The EmPOWER Maryland energy efficiency program, which will save residents and businesses $4 billion while creating 68,000 jobs, was extended through 2023 this week, thanks to action through the state legislature. The news was heralded by environmental and sustainability advocates.
The Democrat-led Maryland General Assembly passed SB 185 and HB 514 with veto-proof majorities extending EmPOWER, which was originally implemented in 2008. Gov. Larry Hogan (R) chose not to sign the bill into law. He had proposed another piece of legislation for renewable energy jobs earlier this year, but the legislature passed a different, more effective bill into law that Hogan had vetoed in 2016.
“Extending EmPOWER Maryland is a big win for Maryland ratepayers and businesses,” said Brendon Baatz, utilities policy manager at the American Council for an Energy-Efficient Economy (ACEEE). “EmPOWER Maryland means more electricity savings for consumers, reduced operating costs for employers, and increased jobs across the state.”
“Since the programs began in 2009, EmPOWER Maryland has grown from a modest energy efficiency program to become an award-winning, nationwide model for how to make an impact with energy efficiency,” wrote Deron Lovaas, senior policy advisor on urban solutions for National Resources Defense Council (NRDC). “Maryland has consistently been named among the top ten states for energy efficiency for the last six years,” he added.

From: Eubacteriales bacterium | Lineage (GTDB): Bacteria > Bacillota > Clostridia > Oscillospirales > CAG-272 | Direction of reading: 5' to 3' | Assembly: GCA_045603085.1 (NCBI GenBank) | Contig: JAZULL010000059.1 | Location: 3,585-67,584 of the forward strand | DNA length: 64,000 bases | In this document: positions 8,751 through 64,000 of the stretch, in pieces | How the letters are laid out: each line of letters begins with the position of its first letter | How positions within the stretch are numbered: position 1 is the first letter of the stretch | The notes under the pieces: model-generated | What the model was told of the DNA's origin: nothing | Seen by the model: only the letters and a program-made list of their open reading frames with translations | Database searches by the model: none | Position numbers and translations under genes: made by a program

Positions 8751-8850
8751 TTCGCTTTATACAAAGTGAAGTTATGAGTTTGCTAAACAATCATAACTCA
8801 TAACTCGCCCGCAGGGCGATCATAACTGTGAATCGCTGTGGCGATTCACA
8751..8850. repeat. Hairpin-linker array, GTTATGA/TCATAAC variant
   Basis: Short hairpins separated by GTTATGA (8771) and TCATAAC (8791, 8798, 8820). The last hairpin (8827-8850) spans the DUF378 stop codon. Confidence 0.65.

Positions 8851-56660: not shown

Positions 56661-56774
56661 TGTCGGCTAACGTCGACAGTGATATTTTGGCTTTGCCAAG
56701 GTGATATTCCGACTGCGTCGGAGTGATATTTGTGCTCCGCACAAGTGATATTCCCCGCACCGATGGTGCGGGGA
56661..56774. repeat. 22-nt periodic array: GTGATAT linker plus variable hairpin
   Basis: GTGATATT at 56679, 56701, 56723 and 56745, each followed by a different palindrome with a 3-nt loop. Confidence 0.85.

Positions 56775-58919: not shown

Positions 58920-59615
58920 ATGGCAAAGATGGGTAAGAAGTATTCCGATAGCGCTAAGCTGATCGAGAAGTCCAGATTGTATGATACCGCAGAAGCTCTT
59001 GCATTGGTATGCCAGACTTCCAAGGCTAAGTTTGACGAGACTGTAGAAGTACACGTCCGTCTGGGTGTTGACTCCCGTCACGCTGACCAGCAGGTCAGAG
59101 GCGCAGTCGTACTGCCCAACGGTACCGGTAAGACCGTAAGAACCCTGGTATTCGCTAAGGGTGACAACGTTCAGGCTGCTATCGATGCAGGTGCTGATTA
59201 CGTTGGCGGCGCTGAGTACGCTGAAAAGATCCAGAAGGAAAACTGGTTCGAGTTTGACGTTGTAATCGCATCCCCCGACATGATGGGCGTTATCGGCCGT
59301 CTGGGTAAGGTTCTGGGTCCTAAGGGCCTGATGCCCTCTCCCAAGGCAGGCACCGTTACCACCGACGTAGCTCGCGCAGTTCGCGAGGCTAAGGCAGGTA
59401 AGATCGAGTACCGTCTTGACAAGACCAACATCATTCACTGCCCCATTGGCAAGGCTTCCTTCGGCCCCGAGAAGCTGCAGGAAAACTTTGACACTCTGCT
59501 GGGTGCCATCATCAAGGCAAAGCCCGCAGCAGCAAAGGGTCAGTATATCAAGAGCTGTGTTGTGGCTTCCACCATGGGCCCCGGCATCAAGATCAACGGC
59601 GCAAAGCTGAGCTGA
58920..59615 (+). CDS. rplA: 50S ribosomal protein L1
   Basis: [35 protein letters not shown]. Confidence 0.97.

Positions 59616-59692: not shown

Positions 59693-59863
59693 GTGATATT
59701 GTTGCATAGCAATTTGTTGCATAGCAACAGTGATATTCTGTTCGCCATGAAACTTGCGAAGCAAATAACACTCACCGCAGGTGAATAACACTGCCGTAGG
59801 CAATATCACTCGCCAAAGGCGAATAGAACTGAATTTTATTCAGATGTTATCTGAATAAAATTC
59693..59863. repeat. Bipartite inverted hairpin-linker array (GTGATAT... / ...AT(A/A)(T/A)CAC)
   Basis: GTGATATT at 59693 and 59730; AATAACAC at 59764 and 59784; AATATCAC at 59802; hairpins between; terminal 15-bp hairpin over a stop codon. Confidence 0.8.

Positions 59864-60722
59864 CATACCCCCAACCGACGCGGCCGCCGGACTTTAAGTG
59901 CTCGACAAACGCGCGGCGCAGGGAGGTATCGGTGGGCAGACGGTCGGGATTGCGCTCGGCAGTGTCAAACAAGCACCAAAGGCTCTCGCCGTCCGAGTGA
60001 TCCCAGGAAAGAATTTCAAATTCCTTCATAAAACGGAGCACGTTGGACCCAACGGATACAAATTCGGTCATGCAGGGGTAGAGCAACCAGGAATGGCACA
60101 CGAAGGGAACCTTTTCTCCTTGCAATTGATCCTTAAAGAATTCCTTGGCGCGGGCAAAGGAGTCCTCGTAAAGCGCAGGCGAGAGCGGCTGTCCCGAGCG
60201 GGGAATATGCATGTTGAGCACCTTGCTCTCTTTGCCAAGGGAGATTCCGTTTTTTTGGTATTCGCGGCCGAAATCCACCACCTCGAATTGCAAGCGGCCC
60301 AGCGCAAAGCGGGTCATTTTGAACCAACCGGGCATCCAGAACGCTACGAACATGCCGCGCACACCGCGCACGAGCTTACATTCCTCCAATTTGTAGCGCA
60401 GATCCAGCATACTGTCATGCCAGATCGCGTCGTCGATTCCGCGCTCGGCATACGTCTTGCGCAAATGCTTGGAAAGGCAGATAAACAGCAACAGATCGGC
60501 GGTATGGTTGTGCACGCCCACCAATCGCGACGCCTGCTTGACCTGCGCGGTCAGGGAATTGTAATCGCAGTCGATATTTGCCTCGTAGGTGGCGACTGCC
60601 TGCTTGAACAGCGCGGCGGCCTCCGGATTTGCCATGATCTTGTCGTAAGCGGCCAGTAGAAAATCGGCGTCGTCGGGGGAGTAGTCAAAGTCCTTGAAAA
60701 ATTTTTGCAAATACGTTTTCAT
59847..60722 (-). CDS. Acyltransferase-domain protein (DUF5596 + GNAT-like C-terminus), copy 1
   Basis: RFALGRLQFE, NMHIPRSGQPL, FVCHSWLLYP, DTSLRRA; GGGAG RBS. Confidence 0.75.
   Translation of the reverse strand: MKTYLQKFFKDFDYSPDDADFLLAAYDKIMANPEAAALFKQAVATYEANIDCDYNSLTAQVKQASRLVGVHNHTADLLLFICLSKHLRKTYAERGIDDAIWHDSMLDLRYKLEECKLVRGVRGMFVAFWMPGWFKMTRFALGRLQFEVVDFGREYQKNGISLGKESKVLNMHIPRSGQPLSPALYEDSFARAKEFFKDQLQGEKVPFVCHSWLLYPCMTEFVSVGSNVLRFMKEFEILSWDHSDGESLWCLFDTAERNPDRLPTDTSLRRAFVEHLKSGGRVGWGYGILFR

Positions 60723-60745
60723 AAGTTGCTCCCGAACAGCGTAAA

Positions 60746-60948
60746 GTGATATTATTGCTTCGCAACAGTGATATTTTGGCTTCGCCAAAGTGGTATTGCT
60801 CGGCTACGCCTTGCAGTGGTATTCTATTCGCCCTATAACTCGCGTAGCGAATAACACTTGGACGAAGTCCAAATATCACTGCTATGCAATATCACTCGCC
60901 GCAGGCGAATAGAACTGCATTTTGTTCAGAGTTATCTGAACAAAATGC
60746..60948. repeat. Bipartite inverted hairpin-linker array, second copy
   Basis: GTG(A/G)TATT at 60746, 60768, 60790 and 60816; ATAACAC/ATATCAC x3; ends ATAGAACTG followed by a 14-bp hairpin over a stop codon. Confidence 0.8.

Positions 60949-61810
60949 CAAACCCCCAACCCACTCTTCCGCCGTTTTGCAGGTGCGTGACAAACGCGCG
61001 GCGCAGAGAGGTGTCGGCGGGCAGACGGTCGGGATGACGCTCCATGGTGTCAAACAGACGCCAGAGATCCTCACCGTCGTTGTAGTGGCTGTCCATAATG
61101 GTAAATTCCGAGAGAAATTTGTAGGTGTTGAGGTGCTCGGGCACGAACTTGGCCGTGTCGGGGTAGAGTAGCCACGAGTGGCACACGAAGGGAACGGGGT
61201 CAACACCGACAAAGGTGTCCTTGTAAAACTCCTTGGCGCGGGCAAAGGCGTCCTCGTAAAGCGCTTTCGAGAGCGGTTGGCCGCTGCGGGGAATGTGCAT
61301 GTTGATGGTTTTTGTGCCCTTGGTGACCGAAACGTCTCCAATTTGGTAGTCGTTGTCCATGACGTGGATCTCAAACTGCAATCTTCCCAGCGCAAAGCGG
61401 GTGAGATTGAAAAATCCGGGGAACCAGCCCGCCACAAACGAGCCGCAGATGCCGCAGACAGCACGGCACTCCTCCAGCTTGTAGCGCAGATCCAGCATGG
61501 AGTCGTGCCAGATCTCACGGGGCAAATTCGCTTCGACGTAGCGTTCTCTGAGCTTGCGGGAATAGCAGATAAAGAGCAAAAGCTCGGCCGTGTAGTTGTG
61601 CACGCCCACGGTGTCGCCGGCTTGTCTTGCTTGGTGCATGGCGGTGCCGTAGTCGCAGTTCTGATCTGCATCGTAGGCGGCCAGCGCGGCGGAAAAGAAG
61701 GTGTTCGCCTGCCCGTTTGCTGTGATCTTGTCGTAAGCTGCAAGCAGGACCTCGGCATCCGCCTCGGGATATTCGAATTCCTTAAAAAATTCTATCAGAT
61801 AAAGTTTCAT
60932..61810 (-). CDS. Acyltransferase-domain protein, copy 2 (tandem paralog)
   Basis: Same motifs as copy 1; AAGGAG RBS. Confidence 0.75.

“The original mandate was a 15 percent reduction in electricity sales by 2015. Then in 2015…the PSC built on that successful foundation by requiring a ramp up to a regular electricity savings clip of 2 percent per year. Utilities and DHCD developed and executed new plans accordingly.” Lovaas attributed the success of the extension to Maryland’s utilities, the Public Service Commission, the Maryland Energy Administration, DHCD, the Office of People’s Counsel, and contractors and small businesses, among others.
The energy efficiency measures installed throughout the state, thanks to the EmPOWER program have generated $1.81 in benefits for $1.00 invested in energy efficiency measures—nearly doubling the payback, according ACEEE. It’s also create $3.75 billion in new gross domestic product in the state.
“We now shift our focus to Maryland’s Public Service Commission, which must approve energy efficiency plans from Maryland’s five largest utilities in September,” Baatz said. The will work to ensure that the goals of the legislation are achieved.Tweet